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Exponential Filter

Filtering topics:


This page describes exponential filtering, the simplest and most popular filter.  This is part of the section
Filtering that is part of
A Guide to Fault Detection and Diagnosis.

Overview, time constant, and analog equivalent

The simplest filter is the exponential filter.  It is a low pass filter, intended to pass flow frequencies and attenuate high frequencies.  It has only one tuning parameter (other than the sample interval).   It requires the storage of only one variable -- the previous output.  It is an IIR (autoregressive) filter - the effects of an input change decay exponentially until the limits of displays or computer arithmetic hide it. 

In various disciplines, use of this filter is also referred to as “exponential smoothing”. In some disciplines such as investment analysis, the exponential filter is called an “Exponentially Weighted Moving Average” (EWMA), or just “Exponential Moving Average” (EMA).  This abuses the traditional ARMA “moving average” terminology of time series analysis, since there is no input history that is used - just the current input.

It is the discrete time equivalent of the “first order lag” commonly used in analog modeling of continuous-time control systems. In electrical circuits, an RC filter (filter with one resistor and one capacitor) is a first-order lag. When emphasizing the analogy to analog circuits, the single tuning parameter is the “time constant”, usually written as the lower case Greek letter Tau (tau).  In fact, the values at the discrete sample times exactly match the equivalent continuous time lag with the same time constant.  The relationship between the digital implementation and the time constant is shown in the equations below.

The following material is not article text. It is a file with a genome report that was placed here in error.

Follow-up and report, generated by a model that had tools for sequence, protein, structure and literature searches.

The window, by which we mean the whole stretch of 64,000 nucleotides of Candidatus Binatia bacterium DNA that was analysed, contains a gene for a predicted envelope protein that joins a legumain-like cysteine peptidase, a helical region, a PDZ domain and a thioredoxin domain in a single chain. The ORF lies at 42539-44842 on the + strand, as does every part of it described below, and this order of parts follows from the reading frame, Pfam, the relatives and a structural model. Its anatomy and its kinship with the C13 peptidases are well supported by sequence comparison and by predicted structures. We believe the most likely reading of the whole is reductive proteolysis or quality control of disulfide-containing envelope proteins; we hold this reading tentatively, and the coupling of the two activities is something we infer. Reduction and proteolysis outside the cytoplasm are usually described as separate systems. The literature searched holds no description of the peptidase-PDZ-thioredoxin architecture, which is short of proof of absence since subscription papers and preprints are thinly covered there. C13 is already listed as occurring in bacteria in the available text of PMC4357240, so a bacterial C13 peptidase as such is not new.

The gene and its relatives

Exponential filter equations and initialization

FilterThe exponential filter is a weighted combination of the previous estimate (output) with the newest input data, with the sum of the weights equal to 1 so that the output matches the input at steady state.  Following the filter notation already introduced:

y(k) = a * y(k-1) +  (1-a) * x(k)

x(k) is the raw input at time step k
y(k) is the filtered output at time step k
a is a constant between 0 and 1, normally between 0.8 and 0.99.  (a-1) or a is sometimes called the “smoothing constant”.

For systems with a fixed time step T between samples, the constant “a” is calculated and stored for convenience only when the application developer specifies a new value of the desired time constant tau

a = exp (-T/tau)               ( which is equivalent to tau = -T/log(a)  )

where tau  (tau) is the filter time constant, in the same units of time as T. 

For systems with data sampling at irregular intervals, the exponential function above must be used with each time step, where T is the time since the previous sample.

The filter output is usually initialized to match the first input.

As the time constant approaches 0, a goes to zero, so there is no filtering – the output equals the new input.  As the time constant gets very large, a approaches 1, so that new input is almost ignored – very heavy filtering.

The definitions of the filter constants here swap a for (1-a) in typical forecasting literature.  The reason is simply the control systems background of the author, where the most important dynamics are defined by the relationship to the previous value, not the input.

The filter equation above can be rearranged into the following predictor-corrector equivalent:

y(k) = y(k-1)  +  (1-a)*( x(k) - y(k-1) )